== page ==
Jun 102016

In the Spotlight showcases a cross-section of an artist’s cover work. View past installments, then post suggestions for future picks in the comments!

golden smog

Back in the late 1980s, as the alt-country/No Depression sound began to spread, a group of bands centered in the Minneapolis area often played in the same venues. Sometimes members of these bands would do cover shows for fun. Although even the members of the band remember the band’s fittingly murky origins differently, ultimately, some of these friends began to perform as “Golden Smog” (originally a Flintstones reference), mostly playing covers. The core membership coalesced as Gary Louris and Marc Perlman of the Jayhawks on bass, Dan Murphy and Dave Pirner of Soul Asylum, Kraig Johnson of Run Westy Run (and later the Jayhawks) and Chris Mars of the Replacements (although the drum chair in the band has a near Spinal Tap-level rotating door), often augmented by guest musicians and singers. It was like seeing an incredibly talented bar band.
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Apr 182016

Brian Eno’s upcoming album The Ship has only two tracks, each over twenty minutes long. The second, “Fickle Sun,” is divided up into the three separate movements – and the third is actually a cover of the Velvet Underground’s “I’m Set Free.” A Serbian radio station has posted it as a part of a mix, so you can listen to it below.

With shimmering electronics and the occasional burst of orchestra, the cover is, for lack of a better term, Eno-esque. The choral vocals are beautiful (it’s unclear whether it is Eno himself singing) and it’s everything you might expect and hope for with Eno covering the Velvets. Continue reading »

Mar 032016

New York City nostalgia sucks. The new HBO show Vinyl sucks, that friend of yours who keeps telling you New York was better in the ’70s sucks, and every Brooklyn band attempting to make NYC sound “great” again sucks. Everything sucks. Except the Strokes, the only band able to turn NYC nostalgia into genuine modern rock ‘n’ roll, in this case by covering the Velvet Underground. How did the Strokes do it? Simple, they stole as much from Television as they did the from Velvets, which explains the more melodic guitar leads and actual use of bass (just kidding, I love you John Cale and Doug Yule). It helped too that Julian Casablancas was an actual New Yorker who could sing Lou Reed’s words seriously and not seem silly. Continue reading »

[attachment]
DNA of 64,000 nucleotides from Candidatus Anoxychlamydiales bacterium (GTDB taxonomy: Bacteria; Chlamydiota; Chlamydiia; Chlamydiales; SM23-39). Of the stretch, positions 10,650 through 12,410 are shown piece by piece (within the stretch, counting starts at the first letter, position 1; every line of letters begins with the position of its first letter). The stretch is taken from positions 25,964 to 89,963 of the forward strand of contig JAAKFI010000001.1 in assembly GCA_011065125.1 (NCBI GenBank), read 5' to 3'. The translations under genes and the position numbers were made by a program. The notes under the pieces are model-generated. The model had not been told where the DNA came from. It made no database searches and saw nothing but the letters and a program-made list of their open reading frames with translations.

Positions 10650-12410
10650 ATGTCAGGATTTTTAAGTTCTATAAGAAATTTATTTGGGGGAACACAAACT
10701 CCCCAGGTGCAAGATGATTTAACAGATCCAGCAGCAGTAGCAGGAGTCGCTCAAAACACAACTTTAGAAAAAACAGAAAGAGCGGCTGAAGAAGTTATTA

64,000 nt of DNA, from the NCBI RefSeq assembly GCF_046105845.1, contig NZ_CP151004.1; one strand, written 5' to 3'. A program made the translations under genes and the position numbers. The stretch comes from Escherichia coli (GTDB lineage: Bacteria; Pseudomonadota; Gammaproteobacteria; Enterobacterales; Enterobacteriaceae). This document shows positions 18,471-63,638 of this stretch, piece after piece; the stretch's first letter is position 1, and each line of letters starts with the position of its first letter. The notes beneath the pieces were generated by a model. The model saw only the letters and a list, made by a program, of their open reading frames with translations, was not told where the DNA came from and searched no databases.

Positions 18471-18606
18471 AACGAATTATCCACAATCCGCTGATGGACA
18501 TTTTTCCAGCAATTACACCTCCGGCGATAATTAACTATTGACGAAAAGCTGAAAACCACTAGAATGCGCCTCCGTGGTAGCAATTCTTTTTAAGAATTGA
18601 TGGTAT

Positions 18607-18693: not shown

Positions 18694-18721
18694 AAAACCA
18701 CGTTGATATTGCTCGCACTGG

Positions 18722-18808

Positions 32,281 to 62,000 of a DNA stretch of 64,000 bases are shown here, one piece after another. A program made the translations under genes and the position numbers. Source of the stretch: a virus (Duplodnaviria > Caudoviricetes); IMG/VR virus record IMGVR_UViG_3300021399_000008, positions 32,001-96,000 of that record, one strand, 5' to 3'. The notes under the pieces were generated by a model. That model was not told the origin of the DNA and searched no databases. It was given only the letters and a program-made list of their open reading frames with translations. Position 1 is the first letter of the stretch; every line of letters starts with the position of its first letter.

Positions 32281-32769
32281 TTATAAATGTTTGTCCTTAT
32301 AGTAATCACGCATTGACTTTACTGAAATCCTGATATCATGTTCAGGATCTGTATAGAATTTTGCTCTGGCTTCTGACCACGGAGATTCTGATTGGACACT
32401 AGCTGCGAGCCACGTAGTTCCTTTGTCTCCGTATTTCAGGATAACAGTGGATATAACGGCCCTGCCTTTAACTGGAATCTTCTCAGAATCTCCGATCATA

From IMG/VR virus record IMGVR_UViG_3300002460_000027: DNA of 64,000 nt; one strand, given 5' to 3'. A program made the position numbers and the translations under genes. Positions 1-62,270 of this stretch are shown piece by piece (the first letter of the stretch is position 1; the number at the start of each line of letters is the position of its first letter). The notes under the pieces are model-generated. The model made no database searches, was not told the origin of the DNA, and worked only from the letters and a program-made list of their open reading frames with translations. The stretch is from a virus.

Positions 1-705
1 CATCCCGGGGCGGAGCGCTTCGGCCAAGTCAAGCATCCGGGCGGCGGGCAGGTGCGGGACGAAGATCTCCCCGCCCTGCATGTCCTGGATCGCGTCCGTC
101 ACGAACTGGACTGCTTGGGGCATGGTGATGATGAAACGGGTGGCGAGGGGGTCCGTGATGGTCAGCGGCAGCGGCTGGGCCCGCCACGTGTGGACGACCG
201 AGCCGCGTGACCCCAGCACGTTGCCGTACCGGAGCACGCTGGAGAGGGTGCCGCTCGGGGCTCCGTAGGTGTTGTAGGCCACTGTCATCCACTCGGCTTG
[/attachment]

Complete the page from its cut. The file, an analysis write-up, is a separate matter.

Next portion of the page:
Jan 132016

Welcome to Cover Me Q&A, where we take your questions about cover songs and answer them to the best of our ability.

Here at Cover Me Q&A, we’ll be taking questions about cover songs and giving as many different answers as we can. This will give us a chance to hold forth on covers we might not otherwise get to talk about, to give Cover Me readers a chance to learn more about individual staffers’ tastes and writing styles, and to provide an opportunity for some back-and-forth, as we’ll be taking requests (learn how to do so at feature’s end).

Today’s question, about a man we’ve written of before and surely will again, but perhaps not with as much emotion as we do this week: What’s your David Bowie memory?
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Mar 202015

Cover Classics takes a closer look at all-cover albums of the past, their genesis, and their legacy.

I guess I felt a little bad about by my recent damning by faint praise of Annie Lennox, so I’ve been feeling the need to redress with something topnotch. And I have it, with Relations, the 2004 LP by Kathryn Williams, silky-voiced folkish songstrel. I guess she isn’t well known outside her fan-base in the U.K., which is a shame because she damn well should be.
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Sep 262014

Full Albums features covers of every track off a classic album. Got an idea for a future pick? Leave a note in the comments!

Loaded, released forty-four years ago this week, was the album that marked the end of the Velvet Underground as we knew them – or, more accurately, as we never knew them until after they broke up, when those few thousand who bought the first record formed their own bands and named them as an influence. Trying to make the slickest, most commercial album they could, they still failed to crack Billboard‘s Top 200, but they scored some of the best reviews of their career; Rolling Stone‘s Lenny Kaye wrote, “Each cut on the album, regardless of its other merits, is first and foremost a celebration of the spirit of rock ‘n’ roll, all pounded home as straight and true as an arrow.”
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